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The Sluagh: Celtic spirits of the unforgiven dead

5 min read

Celtic folklore has given us some of the darkest and most frightening stories in history including three-headed monsters, headless horsemen, famine-spreaders, and a variety of creepy spirits.
One of the most fascinating are probably the Sluagh na marbh (host of the dead), or “Fairy Host”, spirits of the unforgiven or restless dead who soared the skies at night searching for humans to pick off, and especially the dying.
Some believed them to be Fallen Angels, while others thought them the spirits of unbaptized children who had returned to earth to seek their revenge.
But, in any case, they was more feared than even Death itself. Death was easy. The Sluagh, was something entirely different.
Even Death has no choice but to defer to them, in an otherworldly race for the immortal souls of the living.

One of the earliest reports of the Sluagh, meaning “host” in Irishm dates back about 1690 and, in some stories, they were armies fighting battles in the sky.
Prior to the introduction of Christianity into Scotland and Ireland, they were believed to be some ill-begotten form of faerie folk, with no reason, no loyalty, and no mercy. However, once Christianity came upon the isles, the concept was transformed into a pack of unforgiven, unrepentant, dead sinners. And yes…the Sluagh were thought to be once human.
Huddling and hiding in forgotten and dark places, they lay in wait for nightfall and, once the sun has left the sky, they strike out, in what, to the untrained or unsuspecting eye, appears to be a vast and ominous flock of large ravens or other birds. Not by chance, countless cultures and legends still link black birds (and especially ravens) as evil omens or signals of upcoming misfortune.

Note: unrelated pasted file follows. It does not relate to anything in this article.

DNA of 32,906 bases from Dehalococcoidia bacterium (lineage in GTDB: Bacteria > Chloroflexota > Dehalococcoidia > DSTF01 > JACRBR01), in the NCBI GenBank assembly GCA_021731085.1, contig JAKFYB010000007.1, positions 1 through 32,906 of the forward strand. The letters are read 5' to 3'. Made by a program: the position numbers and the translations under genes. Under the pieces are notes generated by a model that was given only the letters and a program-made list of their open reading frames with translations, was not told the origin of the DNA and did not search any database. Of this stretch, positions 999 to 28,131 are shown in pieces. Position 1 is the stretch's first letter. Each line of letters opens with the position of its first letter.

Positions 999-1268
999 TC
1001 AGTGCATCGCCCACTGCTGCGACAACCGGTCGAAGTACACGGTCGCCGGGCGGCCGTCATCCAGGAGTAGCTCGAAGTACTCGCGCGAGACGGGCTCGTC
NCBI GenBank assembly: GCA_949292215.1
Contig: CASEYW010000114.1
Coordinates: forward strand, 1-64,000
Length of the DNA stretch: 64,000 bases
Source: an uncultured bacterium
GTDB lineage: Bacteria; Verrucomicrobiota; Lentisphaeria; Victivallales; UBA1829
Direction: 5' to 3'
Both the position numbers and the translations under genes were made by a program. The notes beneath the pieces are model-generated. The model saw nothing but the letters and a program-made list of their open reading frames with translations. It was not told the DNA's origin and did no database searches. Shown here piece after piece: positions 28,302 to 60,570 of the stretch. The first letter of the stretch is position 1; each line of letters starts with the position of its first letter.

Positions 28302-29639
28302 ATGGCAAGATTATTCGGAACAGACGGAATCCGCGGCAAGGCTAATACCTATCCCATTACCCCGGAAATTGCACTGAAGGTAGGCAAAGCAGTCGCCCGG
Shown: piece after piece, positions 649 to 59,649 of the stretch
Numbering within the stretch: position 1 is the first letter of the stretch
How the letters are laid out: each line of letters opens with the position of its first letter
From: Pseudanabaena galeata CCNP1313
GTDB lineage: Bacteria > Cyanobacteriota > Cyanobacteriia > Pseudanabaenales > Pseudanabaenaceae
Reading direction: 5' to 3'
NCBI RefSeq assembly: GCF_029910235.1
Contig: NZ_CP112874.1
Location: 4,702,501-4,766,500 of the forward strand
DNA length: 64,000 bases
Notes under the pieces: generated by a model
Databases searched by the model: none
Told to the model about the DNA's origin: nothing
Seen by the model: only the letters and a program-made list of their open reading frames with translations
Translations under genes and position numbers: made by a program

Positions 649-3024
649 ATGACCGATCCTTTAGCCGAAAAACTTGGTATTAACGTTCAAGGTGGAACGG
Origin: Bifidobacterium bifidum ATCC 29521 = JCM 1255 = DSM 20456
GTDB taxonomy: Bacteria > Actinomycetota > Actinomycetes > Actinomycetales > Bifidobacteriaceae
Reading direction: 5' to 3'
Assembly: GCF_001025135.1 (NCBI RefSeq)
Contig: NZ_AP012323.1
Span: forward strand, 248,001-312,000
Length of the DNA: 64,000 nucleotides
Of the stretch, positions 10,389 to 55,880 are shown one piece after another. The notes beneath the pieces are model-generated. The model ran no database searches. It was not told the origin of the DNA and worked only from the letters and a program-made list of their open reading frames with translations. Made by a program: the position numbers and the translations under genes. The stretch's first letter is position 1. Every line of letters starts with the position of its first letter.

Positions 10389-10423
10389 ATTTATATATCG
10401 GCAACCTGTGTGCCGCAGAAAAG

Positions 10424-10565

On the Isle of Barra was told that the spirits fought great battles in the air and that their crimson blood may be seen staining rocks and stones still today. ‘Fuil nan sluagh’, their blood, is the beautiful red of the rocks, melted by frost.

In other stories, the Sluagh were not so much an army as a scourge, that took the form of gusts of wind, burning skin and causing boils.
Alternatively, they were winged, like terrible and destructive birds.
In Irish mythology, the Sluagh were said to fly in from the west to steal a dying soul before it was given Last Rites. To this day, doors and windows on the west sides of houses are kept closed if there is a sick or dying person at home to keep the spirits out.
The most dangerous time, of course was Samhain, the liminal time, when the gates of hell would open and they would ride forth.
Woe betide anyone who was out alone!

Sometimes the humans were returned, but they were never the same again.
Somewhere was told of how the Sluagh carried humans off into the skies, returning them exhausted and prostrate.
According to one story, “The beautiful daughter of a king of France was taken up by the ‘hosts,’ and carried about in the air, over lands and seas, continents and islands, till they came to the little island of Heistamal, behind Creagorry, in Benbecula, where they laid her down in such an injured state that she died from the hard treatment; not, however, till she had told about the lands to which she had been carried, and of the great hardships she had endured while travelling through space.”